Tuesday 17 October 2017

Prepare for lengthy delays at the border, fans warned

Kevin Keane

IRISH fans travelling to Poland are facing the prospect of lengthy delays and possible searches as they enter the country.

Border controls have been reinstated by the Polish authorities for the competition and the Irish authorities have warned that this could lead to long queues, especially for those travelling by road or rail.

Thousands of Irish fans will begin taking to the road and the air in the coming days ahead of the Republic of Ireland's opening match in Euro 2012.

Many are also expected to travel by rail from Berlin, taking advantage of less expensive flights from Ireland to the German capital.

Under an extension of the Schengen agreement, Poland abolished passport controls for EU citizens entering by land from neighbouring countries in 1997. However, these are being reinstated by the Polish authorities for the duration of the championship.

Passport checks will be carried out at all Polish borders, the Department of Foreign Affairs has warned. Searches for drugs can also be expected on vehicles entering Poland.

The department is reminding fans that they will be unable to enter the country without a valid passport, and to take out travel insurance as the Irish Embassy will not cover medical costs or repatriation expenses should an emergency arise.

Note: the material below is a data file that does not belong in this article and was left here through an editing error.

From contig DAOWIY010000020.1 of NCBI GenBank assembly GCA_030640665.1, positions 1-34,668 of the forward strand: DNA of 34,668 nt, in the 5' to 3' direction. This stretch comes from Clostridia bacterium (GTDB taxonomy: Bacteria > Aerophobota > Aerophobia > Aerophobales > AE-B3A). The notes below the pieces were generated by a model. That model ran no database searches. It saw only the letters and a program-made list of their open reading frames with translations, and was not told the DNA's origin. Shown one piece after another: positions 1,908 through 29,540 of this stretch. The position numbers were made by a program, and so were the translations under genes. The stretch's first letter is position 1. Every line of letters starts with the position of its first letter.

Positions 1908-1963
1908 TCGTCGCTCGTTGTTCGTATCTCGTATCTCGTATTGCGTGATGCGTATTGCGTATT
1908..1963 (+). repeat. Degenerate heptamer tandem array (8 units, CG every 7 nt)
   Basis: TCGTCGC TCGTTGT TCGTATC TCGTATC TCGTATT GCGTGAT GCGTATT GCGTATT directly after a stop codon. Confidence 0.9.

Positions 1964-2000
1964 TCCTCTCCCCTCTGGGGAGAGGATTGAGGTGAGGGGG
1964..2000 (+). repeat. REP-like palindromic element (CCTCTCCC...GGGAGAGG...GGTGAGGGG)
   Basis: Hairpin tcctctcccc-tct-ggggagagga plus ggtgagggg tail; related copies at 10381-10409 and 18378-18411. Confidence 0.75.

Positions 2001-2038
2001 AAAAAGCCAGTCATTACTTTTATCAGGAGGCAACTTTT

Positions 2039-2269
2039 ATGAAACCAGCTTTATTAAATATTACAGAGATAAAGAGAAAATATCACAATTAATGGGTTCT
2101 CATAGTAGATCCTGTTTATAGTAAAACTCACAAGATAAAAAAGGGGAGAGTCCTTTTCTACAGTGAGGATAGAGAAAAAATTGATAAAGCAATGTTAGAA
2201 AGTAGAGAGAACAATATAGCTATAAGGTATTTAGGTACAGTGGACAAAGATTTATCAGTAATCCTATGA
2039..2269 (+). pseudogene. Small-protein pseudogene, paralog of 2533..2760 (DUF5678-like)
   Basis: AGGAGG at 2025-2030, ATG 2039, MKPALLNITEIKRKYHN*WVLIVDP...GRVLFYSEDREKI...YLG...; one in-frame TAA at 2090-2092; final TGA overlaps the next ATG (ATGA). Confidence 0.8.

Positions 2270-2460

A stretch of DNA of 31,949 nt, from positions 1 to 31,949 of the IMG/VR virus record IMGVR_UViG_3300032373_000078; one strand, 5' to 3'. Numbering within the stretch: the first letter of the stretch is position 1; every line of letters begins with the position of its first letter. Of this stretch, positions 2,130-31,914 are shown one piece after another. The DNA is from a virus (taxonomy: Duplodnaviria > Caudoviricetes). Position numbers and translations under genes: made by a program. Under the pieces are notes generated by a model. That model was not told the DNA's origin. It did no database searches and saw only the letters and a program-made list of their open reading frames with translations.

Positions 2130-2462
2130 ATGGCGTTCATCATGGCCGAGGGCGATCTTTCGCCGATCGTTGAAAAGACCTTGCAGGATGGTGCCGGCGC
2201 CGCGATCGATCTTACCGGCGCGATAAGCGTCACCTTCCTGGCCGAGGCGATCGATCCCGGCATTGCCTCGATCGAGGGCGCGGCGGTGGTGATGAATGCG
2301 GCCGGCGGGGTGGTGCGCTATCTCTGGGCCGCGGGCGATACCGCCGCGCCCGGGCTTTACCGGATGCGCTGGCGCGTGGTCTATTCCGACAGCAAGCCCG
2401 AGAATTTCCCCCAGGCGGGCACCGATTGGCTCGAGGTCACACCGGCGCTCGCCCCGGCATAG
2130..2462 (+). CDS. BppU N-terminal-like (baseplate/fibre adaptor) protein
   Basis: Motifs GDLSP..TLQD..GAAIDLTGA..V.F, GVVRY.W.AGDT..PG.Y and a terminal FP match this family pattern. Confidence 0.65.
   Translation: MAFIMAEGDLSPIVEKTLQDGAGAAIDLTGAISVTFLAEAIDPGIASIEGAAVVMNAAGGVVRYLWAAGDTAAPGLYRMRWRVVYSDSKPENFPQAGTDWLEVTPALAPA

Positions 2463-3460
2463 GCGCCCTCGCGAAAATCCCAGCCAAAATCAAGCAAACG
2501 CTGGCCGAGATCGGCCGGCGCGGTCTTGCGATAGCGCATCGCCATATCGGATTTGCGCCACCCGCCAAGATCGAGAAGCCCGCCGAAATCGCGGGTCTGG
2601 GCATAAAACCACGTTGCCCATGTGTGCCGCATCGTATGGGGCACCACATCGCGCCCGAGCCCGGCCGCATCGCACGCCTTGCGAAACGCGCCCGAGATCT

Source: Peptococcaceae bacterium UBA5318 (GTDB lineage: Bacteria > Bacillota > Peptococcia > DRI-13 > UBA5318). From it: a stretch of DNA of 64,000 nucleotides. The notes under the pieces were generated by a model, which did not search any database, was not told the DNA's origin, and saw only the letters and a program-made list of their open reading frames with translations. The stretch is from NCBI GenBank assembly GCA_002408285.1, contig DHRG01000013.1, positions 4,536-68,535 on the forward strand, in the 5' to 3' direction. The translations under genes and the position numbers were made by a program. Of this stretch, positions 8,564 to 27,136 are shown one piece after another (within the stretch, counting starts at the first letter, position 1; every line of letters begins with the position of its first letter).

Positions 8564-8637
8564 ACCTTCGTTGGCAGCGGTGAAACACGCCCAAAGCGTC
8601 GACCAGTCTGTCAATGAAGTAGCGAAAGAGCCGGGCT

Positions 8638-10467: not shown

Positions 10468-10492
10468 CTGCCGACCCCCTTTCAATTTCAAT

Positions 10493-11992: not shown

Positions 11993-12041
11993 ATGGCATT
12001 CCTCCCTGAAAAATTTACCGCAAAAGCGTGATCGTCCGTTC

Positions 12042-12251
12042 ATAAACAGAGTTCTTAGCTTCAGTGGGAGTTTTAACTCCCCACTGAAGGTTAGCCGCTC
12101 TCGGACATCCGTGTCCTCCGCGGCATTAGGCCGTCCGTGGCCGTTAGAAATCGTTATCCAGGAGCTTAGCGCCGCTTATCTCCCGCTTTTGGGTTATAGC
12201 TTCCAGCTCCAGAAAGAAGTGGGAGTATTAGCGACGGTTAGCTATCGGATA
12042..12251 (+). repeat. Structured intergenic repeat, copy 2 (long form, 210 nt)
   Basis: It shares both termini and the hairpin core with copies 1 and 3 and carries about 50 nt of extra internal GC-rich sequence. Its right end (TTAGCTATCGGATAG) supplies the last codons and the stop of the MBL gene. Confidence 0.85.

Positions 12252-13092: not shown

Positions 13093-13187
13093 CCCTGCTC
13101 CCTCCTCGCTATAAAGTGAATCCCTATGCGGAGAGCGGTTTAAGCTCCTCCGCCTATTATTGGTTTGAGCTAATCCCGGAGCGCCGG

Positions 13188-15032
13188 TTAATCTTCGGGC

Meanwhile, extra consular staff have been sent to Poznan, where Ireland will play their opening match of the tournament against Croatia a week tomorrow (June 10).

An emergency 24-hour helpline has been set up for Irish citizens who find themselves in need of assistance, and the consulate in Poznan will remain open each day from June 9-19 inclusive.

Drugs

Similar arrangements have been put in place in Gdansk, where Ireland play their second match against Spain on June 14.

Staff at the embassy in Warsaw have also been put on standby in the event of assistance being required.

Fans planning to drive to Poland are being warned by the Department of Foreign Affairs that fatal car accidents there are "very common". A total of 65 people were killed on Polish roads during the May bank-holiday weekend and there were 5,000 arrests for drink driving.

More information for travelling fans is available at the Department of Foreign Affairs website, www.dfa.ie.

Irish Independent

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